Jessica Sheehy, P.A.-C.
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Protecting your children is one of the most critical responsibilities of parenthood. You protect them with shelter, safety and proper nutrition. But if you've missed their vaccinations, you expose them to potentially dangerous — even deadly — diseases. The most effective way to prevent these diseases is to ensure your child receives the proper vaccination series, typically completed by age 6.
Benefits of vaccinations
Early childhood vaccinations protect children when they're most vulnerable. They protect against 14 different childhood illnesses, many of which can have devastating effects on children. These include HPV, influenza, measles, polio, tetanus and pertussis (whooping cough).
Due to the outstanding success of vaccinations, many people in younger generations haven't seen the terrible consequences of these diseases. Nonetheless, certain illnesses resurface as vaccination rates decrease.
In addition to keeping your kids safe, regular vaccination of healthy children helps protect those children in the community who cannot receive vaccinations because of health problems or allergies. This concept is called herd immunity. However, vaccination rates usually need to be greater than 95% to effectively protect those who cannot be vaccinated. So, don't forgo vaccinations because you assume others will safeguard you.
Here are answers to common questions about vaccinations:
Is there a difference between vaccination and immunization?
Yes. A vaccination uses dead or weakened versions of bacteria or viruses to protect people against diseases and conditions. Immunization is the method by which a person develops immunity to these diseases. This happens via vaccination or from infection with that bacteria or virus.
How do vaccines work?
Vaccinations use a weakened or dead antigen, a small piece of the virus or bacteria that helps the body trigger an immune system response. This allows children to develop natural immunity while facing a significantly decreased risk of harm compared to an actual infection.
Are vaccinations really that important?
Yes, vaccinations are important, especially for young children. According to the Centers for Disease Control and Prevention (CDC), infants receive some passive immunity from their mothers after birth. However, these immunities wear off during the child's first year and are ineffective against diseases like whooping cough.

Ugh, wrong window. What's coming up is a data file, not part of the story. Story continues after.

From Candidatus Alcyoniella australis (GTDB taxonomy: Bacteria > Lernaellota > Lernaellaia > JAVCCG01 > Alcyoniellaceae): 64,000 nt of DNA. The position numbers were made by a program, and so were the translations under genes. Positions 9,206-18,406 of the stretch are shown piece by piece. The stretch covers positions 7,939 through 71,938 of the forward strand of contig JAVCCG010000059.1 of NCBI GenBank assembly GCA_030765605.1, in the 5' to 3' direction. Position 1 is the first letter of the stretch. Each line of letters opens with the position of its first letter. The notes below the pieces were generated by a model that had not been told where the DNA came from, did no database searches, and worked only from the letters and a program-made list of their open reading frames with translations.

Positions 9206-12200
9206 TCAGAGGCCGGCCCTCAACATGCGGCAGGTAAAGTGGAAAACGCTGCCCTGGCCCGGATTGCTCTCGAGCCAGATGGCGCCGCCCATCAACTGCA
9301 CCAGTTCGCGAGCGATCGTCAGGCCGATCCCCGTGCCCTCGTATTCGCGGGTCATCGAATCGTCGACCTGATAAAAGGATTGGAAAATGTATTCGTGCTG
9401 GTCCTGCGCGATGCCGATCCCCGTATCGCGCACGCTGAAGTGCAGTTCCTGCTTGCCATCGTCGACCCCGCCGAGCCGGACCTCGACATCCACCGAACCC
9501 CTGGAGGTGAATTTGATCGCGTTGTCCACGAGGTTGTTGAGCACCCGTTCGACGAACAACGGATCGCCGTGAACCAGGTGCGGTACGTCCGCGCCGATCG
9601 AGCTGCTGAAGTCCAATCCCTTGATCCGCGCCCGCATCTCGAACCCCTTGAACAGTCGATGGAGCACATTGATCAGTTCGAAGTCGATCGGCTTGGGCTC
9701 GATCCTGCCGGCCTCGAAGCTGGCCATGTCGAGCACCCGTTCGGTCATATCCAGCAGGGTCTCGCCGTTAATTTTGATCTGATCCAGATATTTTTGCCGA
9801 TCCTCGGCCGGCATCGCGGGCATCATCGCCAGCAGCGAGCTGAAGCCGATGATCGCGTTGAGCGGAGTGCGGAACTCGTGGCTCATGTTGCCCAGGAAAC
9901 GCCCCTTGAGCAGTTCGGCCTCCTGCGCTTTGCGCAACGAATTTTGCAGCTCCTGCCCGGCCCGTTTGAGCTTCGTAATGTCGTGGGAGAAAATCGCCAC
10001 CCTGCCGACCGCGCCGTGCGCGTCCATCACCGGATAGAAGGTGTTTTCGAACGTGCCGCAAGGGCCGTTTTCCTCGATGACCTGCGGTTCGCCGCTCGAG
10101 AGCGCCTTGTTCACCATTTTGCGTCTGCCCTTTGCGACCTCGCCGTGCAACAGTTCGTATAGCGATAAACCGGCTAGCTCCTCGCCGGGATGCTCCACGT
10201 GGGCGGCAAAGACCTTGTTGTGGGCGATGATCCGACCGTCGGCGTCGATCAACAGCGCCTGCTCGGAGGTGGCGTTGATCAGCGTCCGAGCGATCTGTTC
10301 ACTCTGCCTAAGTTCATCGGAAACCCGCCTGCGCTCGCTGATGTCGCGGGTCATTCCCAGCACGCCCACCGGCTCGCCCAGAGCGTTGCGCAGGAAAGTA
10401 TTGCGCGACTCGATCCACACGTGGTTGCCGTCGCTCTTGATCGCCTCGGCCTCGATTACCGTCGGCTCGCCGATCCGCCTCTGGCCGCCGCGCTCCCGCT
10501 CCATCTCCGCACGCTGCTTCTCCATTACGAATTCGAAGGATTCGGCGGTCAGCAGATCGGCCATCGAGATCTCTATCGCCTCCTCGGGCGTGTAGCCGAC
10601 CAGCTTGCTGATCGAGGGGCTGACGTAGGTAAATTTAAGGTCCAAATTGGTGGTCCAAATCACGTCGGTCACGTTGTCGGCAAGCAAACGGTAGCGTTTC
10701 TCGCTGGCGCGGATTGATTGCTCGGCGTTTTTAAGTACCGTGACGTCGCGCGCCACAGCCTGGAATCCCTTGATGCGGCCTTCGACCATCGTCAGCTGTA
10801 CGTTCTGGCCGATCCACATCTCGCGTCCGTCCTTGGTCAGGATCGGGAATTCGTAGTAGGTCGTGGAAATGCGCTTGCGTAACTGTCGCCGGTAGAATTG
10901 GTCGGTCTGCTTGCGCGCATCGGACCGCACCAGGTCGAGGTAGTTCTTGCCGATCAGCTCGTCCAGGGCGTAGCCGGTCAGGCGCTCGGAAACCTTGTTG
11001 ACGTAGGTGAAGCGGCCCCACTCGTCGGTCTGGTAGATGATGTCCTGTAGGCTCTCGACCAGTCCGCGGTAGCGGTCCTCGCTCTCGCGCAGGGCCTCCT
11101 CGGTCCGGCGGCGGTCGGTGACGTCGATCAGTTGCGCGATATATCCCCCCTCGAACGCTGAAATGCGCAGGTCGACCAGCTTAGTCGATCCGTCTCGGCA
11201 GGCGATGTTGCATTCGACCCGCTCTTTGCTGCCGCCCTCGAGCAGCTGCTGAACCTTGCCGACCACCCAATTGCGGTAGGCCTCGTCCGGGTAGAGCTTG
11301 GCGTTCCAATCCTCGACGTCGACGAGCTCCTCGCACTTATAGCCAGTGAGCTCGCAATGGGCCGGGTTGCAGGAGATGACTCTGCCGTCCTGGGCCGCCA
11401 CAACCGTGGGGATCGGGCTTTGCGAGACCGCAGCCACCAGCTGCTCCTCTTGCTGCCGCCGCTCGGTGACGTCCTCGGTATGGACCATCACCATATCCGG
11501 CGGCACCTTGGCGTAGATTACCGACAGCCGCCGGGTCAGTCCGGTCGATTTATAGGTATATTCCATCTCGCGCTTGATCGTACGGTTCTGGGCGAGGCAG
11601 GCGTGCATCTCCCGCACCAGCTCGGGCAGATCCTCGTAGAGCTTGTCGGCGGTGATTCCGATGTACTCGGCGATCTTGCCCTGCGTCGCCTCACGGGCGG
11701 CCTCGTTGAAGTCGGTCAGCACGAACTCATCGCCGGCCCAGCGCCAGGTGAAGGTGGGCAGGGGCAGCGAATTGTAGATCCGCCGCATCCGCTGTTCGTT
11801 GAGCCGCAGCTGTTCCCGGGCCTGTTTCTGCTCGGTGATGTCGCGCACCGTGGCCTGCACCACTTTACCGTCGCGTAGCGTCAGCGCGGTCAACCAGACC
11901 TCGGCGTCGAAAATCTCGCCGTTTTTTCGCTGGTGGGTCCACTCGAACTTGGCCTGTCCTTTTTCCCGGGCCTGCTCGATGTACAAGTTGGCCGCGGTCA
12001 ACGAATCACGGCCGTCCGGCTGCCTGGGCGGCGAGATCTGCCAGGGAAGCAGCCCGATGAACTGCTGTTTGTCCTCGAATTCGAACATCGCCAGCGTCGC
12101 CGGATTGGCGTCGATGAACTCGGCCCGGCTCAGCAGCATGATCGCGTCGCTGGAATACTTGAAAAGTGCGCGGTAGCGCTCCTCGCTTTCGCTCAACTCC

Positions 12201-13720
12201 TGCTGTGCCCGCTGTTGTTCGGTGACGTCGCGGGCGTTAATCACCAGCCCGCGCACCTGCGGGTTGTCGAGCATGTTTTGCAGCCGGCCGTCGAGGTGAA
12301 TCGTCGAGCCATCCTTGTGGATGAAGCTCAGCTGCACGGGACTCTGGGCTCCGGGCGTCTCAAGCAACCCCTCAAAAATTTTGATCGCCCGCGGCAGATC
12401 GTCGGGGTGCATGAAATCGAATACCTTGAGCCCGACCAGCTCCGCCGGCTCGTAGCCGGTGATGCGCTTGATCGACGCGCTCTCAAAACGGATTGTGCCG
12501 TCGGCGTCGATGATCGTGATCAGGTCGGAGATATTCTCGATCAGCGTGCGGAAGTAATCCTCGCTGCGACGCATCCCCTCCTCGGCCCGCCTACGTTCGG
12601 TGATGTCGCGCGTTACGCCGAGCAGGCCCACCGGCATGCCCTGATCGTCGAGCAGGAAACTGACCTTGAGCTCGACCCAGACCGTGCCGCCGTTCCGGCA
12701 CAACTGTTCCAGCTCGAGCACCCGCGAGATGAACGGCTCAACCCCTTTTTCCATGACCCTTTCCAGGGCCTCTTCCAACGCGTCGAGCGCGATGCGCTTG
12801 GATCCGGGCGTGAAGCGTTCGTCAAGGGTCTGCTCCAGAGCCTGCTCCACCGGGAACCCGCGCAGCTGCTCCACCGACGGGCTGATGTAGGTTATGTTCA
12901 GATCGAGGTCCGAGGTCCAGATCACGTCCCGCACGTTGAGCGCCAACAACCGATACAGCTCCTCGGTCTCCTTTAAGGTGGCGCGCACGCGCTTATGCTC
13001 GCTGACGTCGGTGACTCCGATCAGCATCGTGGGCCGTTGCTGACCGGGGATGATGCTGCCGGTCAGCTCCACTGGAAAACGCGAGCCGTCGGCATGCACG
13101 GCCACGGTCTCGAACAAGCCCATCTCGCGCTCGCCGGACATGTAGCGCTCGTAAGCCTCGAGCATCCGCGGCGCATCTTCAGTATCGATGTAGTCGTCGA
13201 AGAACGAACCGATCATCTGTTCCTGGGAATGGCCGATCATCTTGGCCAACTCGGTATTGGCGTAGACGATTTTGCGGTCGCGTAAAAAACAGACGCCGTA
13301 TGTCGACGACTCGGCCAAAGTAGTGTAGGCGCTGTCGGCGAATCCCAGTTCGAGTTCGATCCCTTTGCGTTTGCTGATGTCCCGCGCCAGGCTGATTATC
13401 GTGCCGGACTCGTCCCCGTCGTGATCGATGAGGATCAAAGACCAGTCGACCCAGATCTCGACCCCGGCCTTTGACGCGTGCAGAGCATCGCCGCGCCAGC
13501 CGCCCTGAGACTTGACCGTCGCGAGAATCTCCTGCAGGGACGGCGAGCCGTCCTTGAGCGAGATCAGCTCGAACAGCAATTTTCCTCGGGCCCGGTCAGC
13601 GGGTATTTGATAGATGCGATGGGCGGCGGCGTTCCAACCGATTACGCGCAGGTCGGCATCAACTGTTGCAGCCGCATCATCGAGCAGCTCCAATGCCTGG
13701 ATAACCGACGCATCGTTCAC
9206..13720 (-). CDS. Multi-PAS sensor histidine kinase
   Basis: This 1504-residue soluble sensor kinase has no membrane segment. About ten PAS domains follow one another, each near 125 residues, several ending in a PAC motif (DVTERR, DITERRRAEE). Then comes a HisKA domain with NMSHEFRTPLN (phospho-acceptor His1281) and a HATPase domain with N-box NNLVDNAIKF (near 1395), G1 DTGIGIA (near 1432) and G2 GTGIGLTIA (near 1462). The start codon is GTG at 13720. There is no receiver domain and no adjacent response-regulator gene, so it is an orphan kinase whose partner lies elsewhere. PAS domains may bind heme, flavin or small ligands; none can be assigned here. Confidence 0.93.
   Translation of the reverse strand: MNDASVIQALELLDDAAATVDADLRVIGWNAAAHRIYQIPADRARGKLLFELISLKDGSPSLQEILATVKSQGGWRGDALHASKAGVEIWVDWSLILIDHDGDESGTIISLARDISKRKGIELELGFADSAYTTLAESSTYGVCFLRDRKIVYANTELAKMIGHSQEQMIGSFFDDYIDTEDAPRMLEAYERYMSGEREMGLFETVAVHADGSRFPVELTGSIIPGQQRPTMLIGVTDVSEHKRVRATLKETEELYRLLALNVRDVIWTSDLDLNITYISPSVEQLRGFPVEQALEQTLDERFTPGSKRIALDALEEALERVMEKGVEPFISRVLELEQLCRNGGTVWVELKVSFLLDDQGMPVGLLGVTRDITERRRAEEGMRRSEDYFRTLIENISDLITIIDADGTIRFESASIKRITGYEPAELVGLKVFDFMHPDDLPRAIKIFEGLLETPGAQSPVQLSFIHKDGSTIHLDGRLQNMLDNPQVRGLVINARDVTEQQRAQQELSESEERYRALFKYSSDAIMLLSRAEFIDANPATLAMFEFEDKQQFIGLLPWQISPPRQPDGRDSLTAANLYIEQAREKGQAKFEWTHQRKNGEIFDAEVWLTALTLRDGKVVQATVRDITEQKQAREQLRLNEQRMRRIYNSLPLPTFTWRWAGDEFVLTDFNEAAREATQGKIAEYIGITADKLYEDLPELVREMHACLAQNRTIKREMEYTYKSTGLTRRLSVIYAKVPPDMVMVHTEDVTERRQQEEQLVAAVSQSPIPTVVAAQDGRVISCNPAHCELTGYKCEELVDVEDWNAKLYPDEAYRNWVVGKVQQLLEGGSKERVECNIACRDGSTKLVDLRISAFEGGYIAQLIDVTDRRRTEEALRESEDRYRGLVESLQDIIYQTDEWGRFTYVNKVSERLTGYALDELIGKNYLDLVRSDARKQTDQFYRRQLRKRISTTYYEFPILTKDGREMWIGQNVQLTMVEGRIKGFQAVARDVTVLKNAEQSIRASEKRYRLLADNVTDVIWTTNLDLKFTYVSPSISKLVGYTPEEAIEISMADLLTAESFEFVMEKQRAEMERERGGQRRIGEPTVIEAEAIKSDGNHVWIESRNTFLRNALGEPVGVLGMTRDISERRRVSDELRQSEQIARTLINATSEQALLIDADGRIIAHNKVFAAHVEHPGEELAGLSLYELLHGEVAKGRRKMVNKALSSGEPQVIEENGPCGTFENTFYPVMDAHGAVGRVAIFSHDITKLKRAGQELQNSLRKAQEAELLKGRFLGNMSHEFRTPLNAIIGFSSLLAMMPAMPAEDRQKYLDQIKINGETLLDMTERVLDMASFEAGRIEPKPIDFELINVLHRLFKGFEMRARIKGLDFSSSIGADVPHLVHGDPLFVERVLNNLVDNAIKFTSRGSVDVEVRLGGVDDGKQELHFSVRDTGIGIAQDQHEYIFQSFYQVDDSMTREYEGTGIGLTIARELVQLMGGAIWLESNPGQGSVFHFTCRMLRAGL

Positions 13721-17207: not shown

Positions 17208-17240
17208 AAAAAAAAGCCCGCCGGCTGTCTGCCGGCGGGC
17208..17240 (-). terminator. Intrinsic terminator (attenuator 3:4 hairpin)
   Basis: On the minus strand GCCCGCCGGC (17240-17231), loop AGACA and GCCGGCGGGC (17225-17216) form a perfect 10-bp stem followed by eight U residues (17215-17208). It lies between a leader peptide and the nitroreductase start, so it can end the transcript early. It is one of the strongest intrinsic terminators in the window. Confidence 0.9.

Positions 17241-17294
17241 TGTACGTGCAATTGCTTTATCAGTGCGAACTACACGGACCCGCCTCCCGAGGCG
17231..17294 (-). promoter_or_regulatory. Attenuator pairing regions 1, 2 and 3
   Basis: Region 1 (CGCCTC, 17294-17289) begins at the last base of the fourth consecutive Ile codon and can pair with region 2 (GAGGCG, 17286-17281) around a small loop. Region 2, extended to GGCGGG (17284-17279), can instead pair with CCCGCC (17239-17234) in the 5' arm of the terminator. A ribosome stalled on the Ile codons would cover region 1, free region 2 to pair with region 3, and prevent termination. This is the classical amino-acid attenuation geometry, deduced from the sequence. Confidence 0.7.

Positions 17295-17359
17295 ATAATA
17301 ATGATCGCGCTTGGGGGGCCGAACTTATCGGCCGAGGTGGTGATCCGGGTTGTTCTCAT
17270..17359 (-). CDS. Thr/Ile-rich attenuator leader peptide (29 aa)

Without vaccinations, young children's bodies often can't fight diseases. This can lead to severe complications and even death.
Should I space my child's vaccinations out?
No evidence suggests it's more effective for children to receive vaccinations in intervals. Babies can receive multiple vaccinations at once without an issue. Babies are exposed to new antigens every day, and the number of antigens in vaccines is only a fraction of what they're exposed to environmentally.
Children can respond to multiple vaccine exposures at the same time without adverse effects. Studies show that vaccinations given in a group are just as effective as individual shots.
Is there a link between vaccinations and autism?
No. There is no link between vaccinations and autism. The study that initially made this claim has been refuted by the journal in which it was originally published and numerous other peer-reviewed scientific journals.
Are vaccines safe?
Yes. Vaccines undergo thorough testing to ensure they are safe and benefit those receiving them. There are minor risks with vaccines, including fever, skin irritation and soreness. These side effects are much less severe than the illnesses they aid in preventing.
What vaccinations are recommended?
The CDC recommends these vaccinations for children:
- Diphtheria, tetanus and acellular pertussis
- Haemophilus influenza B
- Hepatitis A
- Hepatitis B
- Measles, mumps and rubella
- Varicella (chickenpox)
Many vaccinations can be administered in groups, and catch-up schedules are available. Certain people shouldn't receive vaccines, like those who recently had a blood transfusion; have severe, life-threatening allergic reactions to the vaccine ingredients; or are immunocompromised or have a weakened immune system because of medical conditions or treatments for diseases.
When considering your child's health, make sure you factor in the necessity of proper childhood vaccinations. You protect your child and your community when they are fully vaccinated. Talk with your child's healthcare team if you have questions.